I marvelled not only at Cleese’s glorious moustache, but also Palin’s smackdown history lesson. The scholar asserted that the “crucifixion musical” at the end of The Life of Brian is blasphemous. You see, said Palin, crucifixions were a regular thing in those good old days. None of the thieves getting “some sense nailed into” them in that particular scene happened to be Jesus. The Romans crucified every person they found to be undesirable. Truth is, Jesus only plays a small role in The Life of Brian (he is in that very first scene where someone yells “Speak up!”).

The scholar in the BBC debate pondered, what will young viewers, empty-minded of the rich and worldly history of Christendom, conclude upon watching this silly film? He even sympathized with Cleese that Catholic school is kinda dumb (and the man bishop lectured at Cleese’s school! They all shared a laugh). Cleese proposes the obvious: the viewer of the film will come to his own conclusions. In fact, it is stated clearly in the film to come to your own conclusions (it’s right after the part  where we see Graham Chapman’s junk. Pay attention!).

I decided to watch the film myself. The fact was, crucifixions happened every day. Why is that, really? Well, most of those dudes getting nailed to the cross were self-proclaimed messiahs. According to Reza Aslan, in his book Zealot, Jesus was just the most hardcore and most famous. His message was carried out of town and his story was written down. We can make our own conclusions from there.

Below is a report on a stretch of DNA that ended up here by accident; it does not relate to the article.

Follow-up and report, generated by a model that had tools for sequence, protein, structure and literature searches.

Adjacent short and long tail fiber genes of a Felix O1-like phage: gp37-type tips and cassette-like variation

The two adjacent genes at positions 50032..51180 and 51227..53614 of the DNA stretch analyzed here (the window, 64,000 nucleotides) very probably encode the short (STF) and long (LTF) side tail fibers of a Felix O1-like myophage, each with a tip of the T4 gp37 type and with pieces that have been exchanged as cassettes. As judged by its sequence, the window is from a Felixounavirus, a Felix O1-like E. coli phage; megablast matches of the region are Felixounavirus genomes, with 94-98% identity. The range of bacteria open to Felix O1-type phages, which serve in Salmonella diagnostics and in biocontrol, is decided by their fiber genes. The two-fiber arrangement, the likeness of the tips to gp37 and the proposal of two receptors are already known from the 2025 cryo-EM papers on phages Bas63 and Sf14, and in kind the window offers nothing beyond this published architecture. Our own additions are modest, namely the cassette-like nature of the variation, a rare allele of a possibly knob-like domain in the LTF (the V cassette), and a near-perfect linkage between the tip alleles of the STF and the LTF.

I want to share my favorite scene in The Life of Brian. The main character in the film, Brian, doesn’t want to be a messiah, but gets mixed up in a world of many messiahs. He says some stuff, then realizes a horde of followers are FOLLOWING him. He runs for his life. His sandal falls off. Someone picks it up and they worship it. Someone else insists they worship some other aspect of Brian. These groups run off in different directions. Lastly, there is a gentle old man. He looks to the sky and clasps his hands: “Let us pray,” he says. Then he shrugs and walks away silently.

III. humor is how we got here, or “Ramble Tamble!”

duck meredith

The entire time I watched The Life of Brian, I wondered why a certain Stephan Molyneux video was reccommended to me. It is titled, “The Dangers of Dating A Single Mom.” Since I am young bachelor in the cloud, here on L.me, I’ll have to watch it sometime. I think You Tube just knows me too well.

I’ll get around to it, though. I decided to crank up some CCR and take a walk in the glow of the setting sun, here in Raymond, New Hampshire. I really like this Creedence song; it sidesteps out of the norms for a “rock song.” Somewhere in the middle of jamming this ditty out, I bet someone in the band started laughing as he played some good stuff on his guitar. The rest of the band followed and Ramble Tamble was born.

I thought about this on my walk, as I watched a mallard float along the lazy Lamprey River. I laughed, a lot. Mostly because ducks are funny. Let’s never forget that humor got us this far. Us humans, the silly animal, taking home these otherwise useless observations and turning them into wonderful collections of letters and punctuations. All the better for preserving and promoting the infinite number of ideas we have.